HISTORY OF INFORMATION - IBM Mainframe

The present is often much more meaningful when we have a better understanding of the past. Indeed, many historians believe that one of the main characteristics of all the progressive civilizations is their ability to produce and use information effectively.

In the Mesopotamian valley, civilizations flourished as far back as 4500 BC. An interesting point is that these civilizations kept fairly sophisticated records on clay tablets of various sizes and shapes. These storage devices provided a great deal of information about receipts, disbursements, loans, purchases, sales, leases, partnership formation and dissolution and contracts. The Egyptians were able to manage the complex Pyramid building projects because they also had advanced methods of storing data.

More than 500 years ago, the Inca Indians of South America developed fairly comprehensive information systems with databases and processing models composed of thousands of knotted strings called 'quipus'. Quipu, also called quipo,is an Incan accounting apparatus consisting of a long rope from which hung 48 secondary cords and various tertiary cords attached to the secondary ones. Knots were made in the cords to represent units, tens, and hundreds; and, in imperial accounting, the cords were differently colored to designate the different concerns of government such as tribute, lands, economic productivity, ceremonies, matters relating to war, etc. The quipus were created and maintained as historical records and were kept by high officials (like judges, commanders, and important heads of extended families) at the capital of Cuzco and by regional commanders and village headmen. The knots on quipus represented the number of people in a village, their duties, the amount of grain in the warehouse, business transactions, poetry, records of battles and other historical events. An array of knots and different colors conveyed a combination of mnemonics, digits, and narrative information. The people who built these systems were called 'quipuamayus', early forerunners of today's systems analysts. These quipuamayus studied for four years in a 'teaching house' (perhaps getting a Bachelors degree in Systems Analysis!) before entering the profession.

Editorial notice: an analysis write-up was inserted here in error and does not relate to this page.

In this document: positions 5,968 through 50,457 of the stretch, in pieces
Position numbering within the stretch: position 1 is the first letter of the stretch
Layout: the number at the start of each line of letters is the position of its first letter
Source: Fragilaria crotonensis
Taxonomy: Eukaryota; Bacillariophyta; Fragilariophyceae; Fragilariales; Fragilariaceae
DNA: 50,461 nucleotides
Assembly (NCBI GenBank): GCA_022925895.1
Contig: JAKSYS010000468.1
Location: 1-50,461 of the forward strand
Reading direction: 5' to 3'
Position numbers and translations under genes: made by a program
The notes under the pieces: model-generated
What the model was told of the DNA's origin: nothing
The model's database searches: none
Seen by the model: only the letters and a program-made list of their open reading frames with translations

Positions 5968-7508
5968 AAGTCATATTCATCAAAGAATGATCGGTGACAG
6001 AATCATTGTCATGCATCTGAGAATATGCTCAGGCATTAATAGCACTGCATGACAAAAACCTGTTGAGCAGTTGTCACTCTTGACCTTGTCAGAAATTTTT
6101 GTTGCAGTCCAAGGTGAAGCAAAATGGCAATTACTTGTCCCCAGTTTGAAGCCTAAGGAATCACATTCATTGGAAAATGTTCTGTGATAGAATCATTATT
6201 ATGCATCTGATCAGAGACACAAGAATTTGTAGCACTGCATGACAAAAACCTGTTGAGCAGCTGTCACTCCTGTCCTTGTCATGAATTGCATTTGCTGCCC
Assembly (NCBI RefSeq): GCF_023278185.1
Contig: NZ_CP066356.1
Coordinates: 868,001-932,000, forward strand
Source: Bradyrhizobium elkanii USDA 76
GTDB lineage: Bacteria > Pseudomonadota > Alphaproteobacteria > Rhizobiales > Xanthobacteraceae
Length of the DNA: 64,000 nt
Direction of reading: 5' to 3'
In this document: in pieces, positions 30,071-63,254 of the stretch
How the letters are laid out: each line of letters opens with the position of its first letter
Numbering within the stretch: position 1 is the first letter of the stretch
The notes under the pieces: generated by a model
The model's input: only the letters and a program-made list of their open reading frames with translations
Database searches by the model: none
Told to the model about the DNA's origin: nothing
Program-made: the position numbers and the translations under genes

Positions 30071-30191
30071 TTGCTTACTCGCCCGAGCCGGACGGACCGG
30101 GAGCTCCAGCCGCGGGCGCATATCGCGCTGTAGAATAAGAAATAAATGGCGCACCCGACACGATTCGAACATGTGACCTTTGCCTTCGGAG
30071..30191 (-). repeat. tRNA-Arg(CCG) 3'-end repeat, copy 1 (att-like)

Thus history has an array of examples of civilizations and people who were conversant with the art of data processing, maybe in their own peculiar way. But the fact that all the successful civilizations had some kind of a data storage and retrieval system remains.

In the mid-eighteenth century, pressures to process and refine data increased. The Industrial Revolution removed the basic means of production from home and small shops and put them in the factory. The development of large manufacturers led to the development of service industries for the marketing and transportation of the manufactures' output. The increased size and complexity of these organizations made it impossible for any one person to obtain enough information to manage them effectively without enlisting the aid of data processing. Furthermore with the advent of large factory systems and mass production techniques and the need for more sophisticated capital goods necessitated large investments and these capital needs forced the separation of investor from management. On one hand, the management needed more information for internal decisions and for successfully running the organizations, whereas investors on the other hand needed information about the organization and about the management's performance.


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